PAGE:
[00:11:36] And after everything passes through the fire and thus the world gets started again, you get, oh, I don't know, I don't remember the exact cycle water. And you get air and you get Earth. And what's causing all of this cycle of change is. The Lagos. And for Heraclitus, the word Lagos means the pattern of change by which everything goes through this cosmic cycle and the world seems to be destroyed and created again by fire. And don't for one moment think that that has any influence on second. Peter Chapter three. I'll deal with that later on. Okay. But Heraclitus also seems to believe that the Lagos is is both the car is the Lagos is the fire. But this whole system is kind of like a god for Heraclitus. Now, a lot of that is obscure and it's possible that we will never know exactly all that he meant. But let me close this period by telling you how Heraclitus. Well, to tell you a little bit about his life and then we'll break. You see, Heraclitus believed that fire is the essence of life. For example, a corpse is cold. A corpse is room temperature. Whereas, you know, our bodies are warm. 98.6. And so Heraclitus believed that when a human being is alive, that's because there is a spark of the fire, the divine fire within each of us. And that's the essence of life. Well haircut. Her colitis became ill with a disease that was probably dropsy. That's an accumulation of fluid in the body. And so Heraclitus said, I'm going to apply my theory to my disease and see if I can come up with a cure. So he decided that what he needed to do was increase temperature a little bit and get the fire going a little bit.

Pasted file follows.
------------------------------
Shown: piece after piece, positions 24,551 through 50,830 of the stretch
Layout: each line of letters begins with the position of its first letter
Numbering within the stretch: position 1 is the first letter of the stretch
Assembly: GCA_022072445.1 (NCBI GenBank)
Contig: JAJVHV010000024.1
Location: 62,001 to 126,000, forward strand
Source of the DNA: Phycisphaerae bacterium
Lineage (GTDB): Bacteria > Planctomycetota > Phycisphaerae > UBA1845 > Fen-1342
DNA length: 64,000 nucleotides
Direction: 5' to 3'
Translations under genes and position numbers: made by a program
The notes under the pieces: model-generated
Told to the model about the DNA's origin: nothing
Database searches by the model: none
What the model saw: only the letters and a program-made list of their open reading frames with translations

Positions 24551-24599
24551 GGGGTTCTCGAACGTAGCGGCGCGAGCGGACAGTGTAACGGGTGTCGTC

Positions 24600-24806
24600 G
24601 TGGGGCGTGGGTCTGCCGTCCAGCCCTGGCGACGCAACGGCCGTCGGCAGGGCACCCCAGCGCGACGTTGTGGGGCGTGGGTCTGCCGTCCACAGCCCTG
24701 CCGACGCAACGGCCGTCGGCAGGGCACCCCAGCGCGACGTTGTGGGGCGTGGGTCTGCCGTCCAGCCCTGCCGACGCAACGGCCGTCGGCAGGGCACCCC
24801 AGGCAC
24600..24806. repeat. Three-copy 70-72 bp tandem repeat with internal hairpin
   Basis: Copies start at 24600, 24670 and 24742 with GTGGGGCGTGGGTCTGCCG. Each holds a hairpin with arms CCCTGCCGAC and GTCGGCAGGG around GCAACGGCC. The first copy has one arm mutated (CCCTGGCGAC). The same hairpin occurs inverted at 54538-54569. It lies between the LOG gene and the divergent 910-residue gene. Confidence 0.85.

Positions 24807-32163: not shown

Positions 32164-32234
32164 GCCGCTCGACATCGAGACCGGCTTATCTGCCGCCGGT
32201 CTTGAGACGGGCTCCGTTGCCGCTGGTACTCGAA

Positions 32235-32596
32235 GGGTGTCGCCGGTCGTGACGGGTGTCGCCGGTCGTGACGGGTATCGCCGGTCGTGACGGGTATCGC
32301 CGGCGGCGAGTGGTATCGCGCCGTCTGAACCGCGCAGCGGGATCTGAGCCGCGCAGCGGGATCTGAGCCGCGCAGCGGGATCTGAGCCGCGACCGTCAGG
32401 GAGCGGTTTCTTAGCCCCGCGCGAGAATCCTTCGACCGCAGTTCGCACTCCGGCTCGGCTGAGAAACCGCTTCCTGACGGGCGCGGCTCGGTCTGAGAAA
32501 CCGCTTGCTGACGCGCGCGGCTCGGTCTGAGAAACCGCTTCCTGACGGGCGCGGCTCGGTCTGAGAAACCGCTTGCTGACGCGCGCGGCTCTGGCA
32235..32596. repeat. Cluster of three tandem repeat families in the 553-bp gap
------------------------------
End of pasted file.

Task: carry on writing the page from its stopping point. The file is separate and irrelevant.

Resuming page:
[00:13:54] Okay. So that that would get some of the excess water and fluid out of his system. So he had his disciples dig a pit in the ground, and then he climbed down in the pit so that, you know, just his neck was sticking up above the edge of the pit. And then he asked his disciples to shovel in fresh cow manure until the cow manure had him buried up to the neck. He died. Don't do this. It'll kill you. Okay. Now, we could come up with all kinds of bad jokes here. We could say that Heraclitus was the first guy to die by being buried in deep doo doo or something like that. That would not be kind. His widow would not appreciate that. But that's an example of how strange philosophers can be. Fortunately, we're not that strange. I will never be buried in deep doo doo. All right. Well, we want to we don't want to spend time on every thinker found in the Pre-socratic era. Now, in case you're wondering, what does the word pre-socratic mean? It means somebody who came before Socrates, obviously. So we're looking here at a collection of thinkers who existed or did made their major work before Socrates began his public career. And Socrates entered the scene in Athens around 450 B.C.. There is a whole lot of material about these thinkers that we have to skip. And for various reasons, they're not covered in any of our textbooks, which is of course, one of the reasons why I did urge you to do some. I used to urge students here to do some reading and other textbooks. If you do that, if you're inspired to do that, let me tell you the best book on ancient philosophy to read other than my own.